Caring for Our Children (CFOC)

Chapter 6: Play Areas/Playgrounds and Transportation

6.3 Water Play Areas (Pools, Etc.)

6.3.1 Access to and Safety Around Bodies of Water Pool Drain Covers

All covers for the main drain and other suction ports of swimming and wading pools should be listed by a nationally recognized testing laboratory in accordance with ASME/ANSI standard “A112.19.8: Standard for Suction Fittings for Use in Swimming Pools, Wading Pools, Spas and Hot Tubs,” and should be used under conditions that do not exceed the approved maximum flow rate, be securely anchored using manufacturer-supplied parts installed per manufacturer’s specifications, be in good repair, and be replaced at intervals specified by manufacturer. Facilities with one outlet per pump, or multiple outlets per pump with less than thirty-six inches center-to-center distance for two outlets, must be equipped with a Safety Vacuum Release System (SVRS) meeting the ASME/ANSI standard “A112.19.17: Manufactured Safety Vacuum Release Systems for Residential and Commercial Swimming Pool, Spas, Hot Tub and Wading Pool Suction Systems” or ASTM International (ASTM) standard “F2387-04: Standard Specification for Manufactured SVRS for Swimming Pools, Spas, and Hot Tubs” standards, as required by the Virginia Graeme Baker Pool and Spa Safety Act, Section 1404(c)(1)(A)(I) (1,2).
In some instances, children have drowned as a result of their body or hair being entrapped or seriously injured by sitting on drain grates (3). Drain covers mitigate the five types of entrapment: hair, body, limb, evisceration, and mechanical (jewelry). Use of flat- or flush-mount covers/grates is prohibited. Use of drain covers under conditions that exceed the maximum flow rate can pose a hazard for entrapment. When drain covers are broken or missing, the body can be entrapped. When a child is playing with an open drain (one with the cover missing), a child can be entrapped by inserting a hand or foot into the pipe and being trapped by the resulting suction. Hair entrapment typically involves females with long, fine hair who are underwater with the head near the suction inlet; they become entrapped when their hair sweeps into and around the cover, and not because of the strong suction forces. Use of a SVRS will not mitigate hair, limb, and mechanical entrapment.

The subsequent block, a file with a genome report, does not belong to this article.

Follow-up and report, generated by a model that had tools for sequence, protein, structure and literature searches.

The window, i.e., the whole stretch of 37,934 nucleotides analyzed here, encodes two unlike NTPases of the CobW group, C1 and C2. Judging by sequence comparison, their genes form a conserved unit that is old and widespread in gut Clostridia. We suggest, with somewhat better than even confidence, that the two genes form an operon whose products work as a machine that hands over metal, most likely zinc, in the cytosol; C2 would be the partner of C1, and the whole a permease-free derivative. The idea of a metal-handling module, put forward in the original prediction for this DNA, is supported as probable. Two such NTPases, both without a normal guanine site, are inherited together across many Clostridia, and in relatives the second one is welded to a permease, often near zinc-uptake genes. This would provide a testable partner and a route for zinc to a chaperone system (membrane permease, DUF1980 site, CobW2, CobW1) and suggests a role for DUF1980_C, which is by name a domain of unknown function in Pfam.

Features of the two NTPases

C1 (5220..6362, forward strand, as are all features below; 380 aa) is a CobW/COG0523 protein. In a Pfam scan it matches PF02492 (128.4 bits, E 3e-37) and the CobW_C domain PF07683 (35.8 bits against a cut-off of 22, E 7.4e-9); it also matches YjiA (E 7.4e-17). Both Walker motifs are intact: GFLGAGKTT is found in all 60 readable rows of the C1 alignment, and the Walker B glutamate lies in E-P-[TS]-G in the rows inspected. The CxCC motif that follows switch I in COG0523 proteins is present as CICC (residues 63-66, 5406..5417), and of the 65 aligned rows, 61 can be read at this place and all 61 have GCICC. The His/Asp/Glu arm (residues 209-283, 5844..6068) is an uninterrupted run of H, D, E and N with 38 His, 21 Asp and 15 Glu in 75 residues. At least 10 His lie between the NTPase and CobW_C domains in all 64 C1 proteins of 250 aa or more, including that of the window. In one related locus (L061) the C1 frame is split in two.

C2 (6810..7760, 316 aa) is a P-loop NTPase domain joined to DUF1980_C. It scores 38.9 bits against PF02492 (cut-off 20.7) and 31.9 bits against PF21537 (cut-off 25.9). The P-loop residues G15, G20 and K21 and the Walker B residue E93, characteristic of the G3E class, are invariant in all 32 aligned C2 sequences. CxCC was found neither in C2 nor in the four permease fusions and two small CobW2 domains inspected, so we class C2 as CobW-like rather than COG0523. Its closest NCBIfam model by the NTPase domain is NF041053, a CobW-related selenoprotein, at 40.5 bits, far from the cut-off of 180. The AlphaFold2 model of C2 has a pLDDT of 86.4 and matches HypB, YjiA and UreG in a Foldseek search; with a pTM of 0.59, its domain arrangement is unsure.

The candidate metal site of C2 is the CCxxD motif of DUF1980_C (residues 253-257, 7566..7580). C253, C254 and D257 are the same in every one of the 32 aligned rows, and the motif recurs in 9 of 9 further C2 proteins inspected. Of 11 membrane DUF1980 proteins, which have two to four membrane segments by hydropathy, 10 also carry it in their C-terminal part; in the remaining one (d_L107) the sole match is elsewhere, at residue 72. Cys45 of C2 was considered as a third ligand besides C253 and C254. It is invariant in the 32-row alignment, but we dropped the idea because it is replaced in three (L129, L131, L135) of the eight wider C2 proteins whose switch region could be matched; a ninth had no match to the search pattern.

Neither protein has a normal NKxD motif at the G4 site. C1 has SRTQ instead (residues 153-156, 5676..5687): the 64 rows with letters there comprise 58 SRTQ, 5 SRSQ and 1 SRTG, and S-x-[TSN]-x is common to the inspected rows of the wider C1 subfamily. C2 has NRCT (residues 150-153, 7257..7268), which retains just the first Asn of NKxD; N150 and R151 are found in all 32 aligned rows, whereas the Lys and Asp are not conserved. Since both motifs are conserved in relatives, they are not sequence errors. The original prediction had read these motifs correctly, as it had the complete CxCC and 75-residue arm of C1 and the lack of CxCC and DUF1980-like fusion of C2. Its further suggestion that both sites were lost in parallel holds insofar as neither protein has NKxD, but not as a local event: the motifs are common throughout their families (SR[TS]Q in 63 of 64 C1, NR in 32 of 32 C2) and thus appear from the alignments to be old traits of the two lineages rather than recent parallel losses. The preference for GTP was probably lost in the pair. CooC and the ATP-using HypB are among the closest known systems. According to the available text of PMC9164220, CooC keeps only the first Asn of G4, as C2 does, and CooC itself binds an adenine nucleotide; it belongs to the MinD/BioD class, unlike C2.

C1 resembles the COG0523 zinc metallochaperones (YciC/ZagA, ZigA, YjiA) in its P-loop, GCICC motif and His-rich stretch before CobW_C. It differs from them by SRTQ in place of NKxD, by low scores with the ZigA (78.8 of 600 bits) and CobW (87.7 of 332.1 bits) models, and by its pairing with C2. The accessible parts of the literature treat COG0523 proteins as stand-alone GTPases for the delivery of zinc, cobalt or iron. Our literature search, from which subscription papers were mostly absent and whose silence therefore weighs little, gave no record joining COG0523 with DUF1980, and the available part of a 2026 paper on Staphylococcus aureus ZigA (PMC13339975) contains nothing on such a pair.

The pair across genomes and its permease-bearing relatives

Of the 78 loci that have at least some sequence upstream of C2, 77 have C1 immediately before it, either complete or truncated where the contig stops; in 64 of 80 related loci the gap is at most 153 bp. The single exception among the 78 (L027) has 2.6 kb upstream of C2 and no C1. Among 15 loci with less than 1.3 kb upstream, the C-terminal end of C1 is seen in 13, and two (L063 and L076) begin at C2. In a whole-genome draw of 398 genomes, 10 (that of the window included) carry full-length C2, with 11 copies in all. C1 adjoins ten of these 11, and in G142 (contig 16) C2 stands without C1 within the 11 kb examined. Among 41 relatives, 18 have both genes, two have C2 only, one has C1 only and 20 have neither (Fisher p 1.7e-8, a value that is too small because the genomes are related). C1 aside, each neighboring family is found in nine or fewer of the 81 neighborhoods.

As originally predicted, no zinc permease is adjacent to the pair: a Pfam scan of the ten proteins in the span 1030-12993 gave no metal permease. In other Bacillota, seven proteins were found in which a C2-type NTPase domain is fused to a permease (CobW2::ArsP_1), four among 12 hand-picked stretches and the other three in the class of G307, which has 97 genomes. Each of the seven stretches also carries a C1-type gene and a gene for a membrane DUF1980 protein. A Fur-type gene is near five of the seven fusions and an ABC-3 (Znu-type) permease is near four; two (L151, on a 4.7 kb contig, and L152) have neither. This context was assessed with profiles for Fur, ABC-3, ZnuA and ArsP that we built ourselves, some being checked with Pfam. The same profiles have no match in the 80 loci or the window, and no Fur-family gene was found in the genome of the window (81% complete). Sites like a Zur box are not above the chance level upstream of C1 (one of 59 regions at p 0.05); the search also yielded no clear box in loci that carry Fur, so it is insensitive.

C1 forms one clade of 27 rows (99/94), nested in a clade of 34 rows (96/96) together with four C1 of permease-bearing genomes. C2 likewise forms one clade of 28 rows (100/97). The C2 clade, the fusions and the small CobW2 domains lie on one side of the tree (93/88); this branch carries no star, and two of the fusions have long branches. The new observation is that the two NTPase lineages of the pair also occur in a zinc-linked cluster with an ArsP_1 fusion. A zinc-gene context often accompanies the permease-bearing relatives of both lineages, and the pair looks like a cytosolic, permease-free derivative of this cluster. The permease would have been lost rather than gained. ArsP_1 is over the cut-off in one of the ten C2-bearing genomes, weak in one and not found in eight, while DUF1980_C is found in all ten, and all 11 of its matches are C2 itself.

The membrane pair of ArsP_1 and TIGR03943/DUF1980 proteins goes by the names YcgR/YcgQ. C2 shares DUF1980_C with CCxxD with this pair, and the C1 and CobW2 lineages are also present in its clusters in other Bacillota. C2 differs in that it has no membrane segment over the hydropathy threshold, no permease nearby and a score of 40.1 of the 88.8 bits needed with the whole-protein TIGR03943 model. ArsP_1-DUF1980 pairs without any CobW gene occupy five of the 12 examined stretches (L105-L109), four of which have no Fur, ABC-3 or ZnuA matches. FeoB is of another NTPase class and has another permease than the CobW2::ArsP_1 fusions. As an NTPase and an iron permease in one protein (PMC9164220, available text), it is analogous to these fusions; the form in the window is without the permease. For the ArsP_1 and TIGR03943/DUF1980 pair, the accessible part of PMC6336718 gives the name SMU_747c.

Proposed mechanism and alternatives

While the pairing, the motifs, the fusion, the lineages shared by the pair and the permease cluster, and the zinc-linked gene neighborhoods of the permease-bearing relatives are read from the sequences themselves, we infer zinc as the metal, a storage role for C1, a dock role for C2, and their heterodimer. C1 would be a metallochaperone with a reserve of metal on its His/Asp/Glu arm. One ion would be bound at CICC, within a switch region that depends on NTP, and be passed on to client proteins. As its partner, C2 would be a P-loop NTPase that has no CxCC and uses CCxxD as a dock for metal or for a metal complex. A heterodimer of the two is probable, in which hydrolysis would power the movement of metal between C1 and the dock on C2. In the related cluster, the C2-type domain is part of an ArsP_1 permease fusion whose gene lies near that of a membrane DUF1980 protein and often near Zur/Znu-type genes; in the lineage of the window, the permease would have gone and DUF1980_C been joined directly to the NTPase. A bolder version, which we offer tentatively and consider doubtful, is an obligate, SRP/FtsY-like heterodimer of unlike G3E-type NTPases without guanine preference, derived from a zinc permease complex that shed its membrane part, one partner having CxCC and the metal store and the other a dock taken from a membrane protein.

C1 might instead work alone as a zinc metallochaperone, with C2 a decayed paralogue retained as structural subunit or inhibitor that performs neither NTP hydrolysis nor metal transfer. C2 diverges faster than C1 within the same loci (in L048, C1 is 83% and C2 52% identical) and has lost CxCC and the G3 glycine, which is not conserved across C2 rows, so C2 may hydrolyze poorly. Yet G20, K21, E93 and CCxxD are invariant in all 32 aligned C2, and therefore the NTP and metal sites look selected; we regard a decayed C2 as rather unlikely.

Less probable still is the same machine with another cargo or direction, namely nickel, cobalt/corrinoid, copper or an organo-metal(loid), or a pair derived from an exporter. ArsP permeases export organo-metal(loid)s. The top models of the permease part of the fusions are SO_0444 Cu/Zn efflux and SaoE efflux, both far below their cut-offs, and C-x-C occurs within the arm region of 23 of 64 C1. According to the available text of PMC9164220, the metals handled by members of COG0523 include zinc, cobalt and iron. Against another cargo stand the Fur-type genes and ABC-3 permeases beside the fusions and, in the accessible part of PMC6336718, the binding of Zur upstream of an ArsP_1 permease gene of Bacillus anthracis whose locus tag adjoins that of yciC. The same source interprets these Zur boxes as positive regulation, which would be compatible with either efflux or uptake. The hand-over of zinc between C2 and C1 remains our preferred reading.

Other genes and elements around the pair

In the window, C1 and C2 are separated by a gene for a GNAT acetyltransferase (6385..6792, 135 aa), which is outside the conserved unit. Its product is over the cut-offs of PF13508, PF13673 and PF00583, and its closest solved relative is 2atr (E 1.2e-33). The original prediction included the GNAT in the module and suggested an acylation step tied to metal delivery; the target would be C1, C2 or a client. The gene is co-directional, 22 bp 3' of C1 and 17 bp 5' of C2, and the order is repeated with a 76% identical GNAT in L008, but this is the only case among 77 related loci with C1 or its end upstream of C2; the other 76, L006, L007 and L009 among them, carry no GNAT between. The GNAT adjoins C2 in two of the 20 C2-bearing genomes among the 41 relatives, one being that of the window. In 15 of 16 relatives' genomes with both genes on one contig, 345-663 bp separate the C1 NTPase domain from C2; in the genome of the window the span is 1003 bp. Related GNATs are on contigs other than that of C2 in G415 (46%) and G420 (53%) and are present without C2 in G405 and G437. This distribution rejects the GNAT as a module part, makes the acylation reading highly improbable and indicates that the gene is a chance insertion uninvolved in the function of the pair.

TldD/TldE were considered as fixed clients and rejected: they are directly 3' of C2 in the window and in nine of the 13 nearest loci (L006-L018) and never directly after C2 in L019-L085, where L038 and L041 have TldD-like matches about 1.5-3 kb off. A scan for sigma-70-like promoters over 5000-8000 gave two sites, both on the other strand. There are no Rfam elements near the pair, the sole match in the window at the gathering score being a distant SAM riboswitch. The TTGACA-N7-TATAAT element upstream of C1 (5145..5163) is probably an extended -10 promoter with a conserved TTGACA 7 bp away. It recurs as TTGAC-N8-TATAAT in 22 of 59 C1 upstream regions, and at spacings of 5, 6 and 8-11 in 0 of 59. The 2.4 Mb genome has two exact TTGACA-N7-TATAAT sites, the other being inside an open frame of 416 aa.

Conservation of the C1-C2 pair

Center, Early Head Start, Head Start, Large Family Child Care Home, Small Family Child Care Home
  1. American National Standards Institute (ANSI), American Society of Mechanical Engineers (ASME). 2007. Standard for suction fittings for use in swimming pools, wading pools, spas and hot tubs. ANSI/ASME A112.19.8. Washington, DC: ANSI.
  2. U.S. Congress. 2007. Virginia Graeme Baker Pool and Spa Safety Act. 15 USC 8001.
  3. U.S. Consumer Product Safety Commission (CPSC). 2005. Guidelines for entrapment hazards: Making pools and spas safer. Washington, DC: CPSC.